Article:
Update as of 8:52 p.m. EDT: At least two people are reported dead after Typhoon Noul struck northeastern Philippines. The storm has been downgraded to a category four typhoon from category five by U.K.-based Tropical Storm Risk, Reuters reported.
The massive storm, which reportedly forced over 3,000 residents in the region to move to shelters, is moving north and is expected to hit southern Japan on Tuesday, Reuters reported, citing the weather office.
Super Typhoon Noul made landfall in the northeast Philippines Sunday, prompting evacuations and cutting off electricity in the region. There were no reports of casualties as the storm makes its way toward Taiwan and southern Japan.
Authorities warned of flash foods and landslides, with the heaviest impact concentrated in the province of Cagayan, about 250 miles north of the nation’s capital, Manila. The typhoon, known locally as Dodong, brought sustained wind speeds of 115 miles per hour, with gusts nearing 140 mph. The head of the Philippines’ marine weather agency called the storm the “strongest so far this year.”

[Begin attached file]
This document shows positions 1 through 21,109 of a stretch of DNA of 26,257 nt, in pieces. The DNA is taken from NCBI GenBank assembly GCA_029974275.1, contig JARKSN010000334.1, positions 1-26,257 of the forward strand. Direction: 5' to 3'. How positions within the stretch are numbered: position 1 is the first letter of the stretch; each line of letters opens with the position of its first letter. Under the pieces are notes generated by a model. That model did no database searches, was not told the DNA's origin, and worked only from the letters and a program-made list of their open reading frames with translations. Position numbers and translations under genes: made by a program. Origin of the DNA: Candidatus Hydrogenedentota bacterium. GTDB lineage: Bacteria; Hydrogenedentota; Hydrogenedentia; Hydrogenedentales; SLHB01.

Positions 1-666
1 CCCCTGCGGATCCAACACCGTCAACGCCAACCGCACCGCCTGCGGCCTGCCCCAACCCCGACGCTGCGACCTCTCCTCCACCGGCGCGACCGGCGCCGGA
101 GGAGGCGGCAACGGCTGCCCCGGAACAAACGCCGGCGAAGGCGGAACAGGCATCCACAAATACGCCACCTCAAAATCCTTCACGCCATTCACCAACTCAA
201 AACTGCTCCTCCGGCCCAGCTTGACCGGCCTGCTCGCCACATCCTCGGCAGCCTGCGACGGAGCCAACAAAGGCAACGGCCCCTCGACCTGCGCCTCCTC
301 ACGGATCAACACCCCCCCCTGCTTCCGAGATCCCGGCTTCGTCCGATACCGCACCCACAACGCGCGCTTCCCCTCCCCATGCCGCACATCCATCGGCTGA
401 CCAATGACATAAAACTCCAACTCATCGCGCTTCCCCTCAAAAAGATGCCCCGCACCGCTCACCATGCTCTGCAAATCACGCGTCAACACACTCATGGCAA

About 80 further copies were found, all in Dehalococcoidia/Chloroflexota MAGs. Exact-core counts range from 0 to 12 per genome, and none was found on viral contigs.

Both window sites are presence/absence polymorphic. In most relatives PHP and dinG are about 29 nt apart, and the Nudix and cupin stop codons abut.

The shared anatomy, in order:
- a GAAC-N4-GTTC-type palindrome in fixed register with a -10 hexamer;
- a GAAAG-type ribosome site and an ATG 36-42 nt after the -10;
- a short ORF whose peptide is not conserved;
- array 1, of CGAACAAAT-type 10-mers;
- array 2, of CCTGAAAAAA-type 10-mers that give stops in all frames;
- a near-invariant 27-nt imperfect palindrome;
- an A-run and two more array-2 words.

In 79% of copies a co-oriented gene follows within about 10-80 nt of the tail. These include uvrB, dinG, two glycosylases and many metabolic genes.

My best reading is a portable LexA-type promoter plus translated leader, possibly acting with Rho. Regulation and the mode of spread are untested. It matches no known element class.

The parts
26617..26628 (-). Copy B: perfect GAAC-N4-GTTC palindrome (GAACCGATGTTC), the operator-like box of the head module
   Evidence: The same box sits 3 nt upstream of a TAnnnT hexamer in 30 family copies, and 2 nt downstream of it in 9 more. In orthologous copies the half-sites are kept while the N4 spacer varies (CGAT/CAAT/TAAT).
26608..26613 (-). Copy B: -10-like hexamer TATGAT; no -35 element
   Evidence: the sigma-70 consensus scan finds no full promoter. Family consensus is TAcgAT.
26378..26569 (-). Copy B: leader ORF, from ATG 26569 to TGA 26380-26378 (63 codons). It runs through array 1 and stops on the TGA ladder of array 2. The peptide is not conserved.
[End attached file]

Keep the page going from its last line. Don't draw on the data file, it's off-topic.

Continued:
Typhoons are a common occurrence in the islands, with an average of 20 passing through every year. In 2013, a Category 5 storm, Super Typhoon Haiyan killed at least 6,340 people in the Philippines. The storm was one of the largest tropical cyclones ever recorded.
More than 5,000 passengers and about 100 ships were stranded in ports across the country on Saturday, and the national air carrier canceled at least six domestic flights. At least 2,500 people fled their homes in the provinces of Cagayan and nearby Isabela, according to the BBC. More than 1,680 evacuated Cagayan alone.
In anticipation of the typhoon, authorities in Taiwan also warned sailors of strong waves and high winds. They evacuated 1,000 tourists from a scenic island off the country’s eastern coast.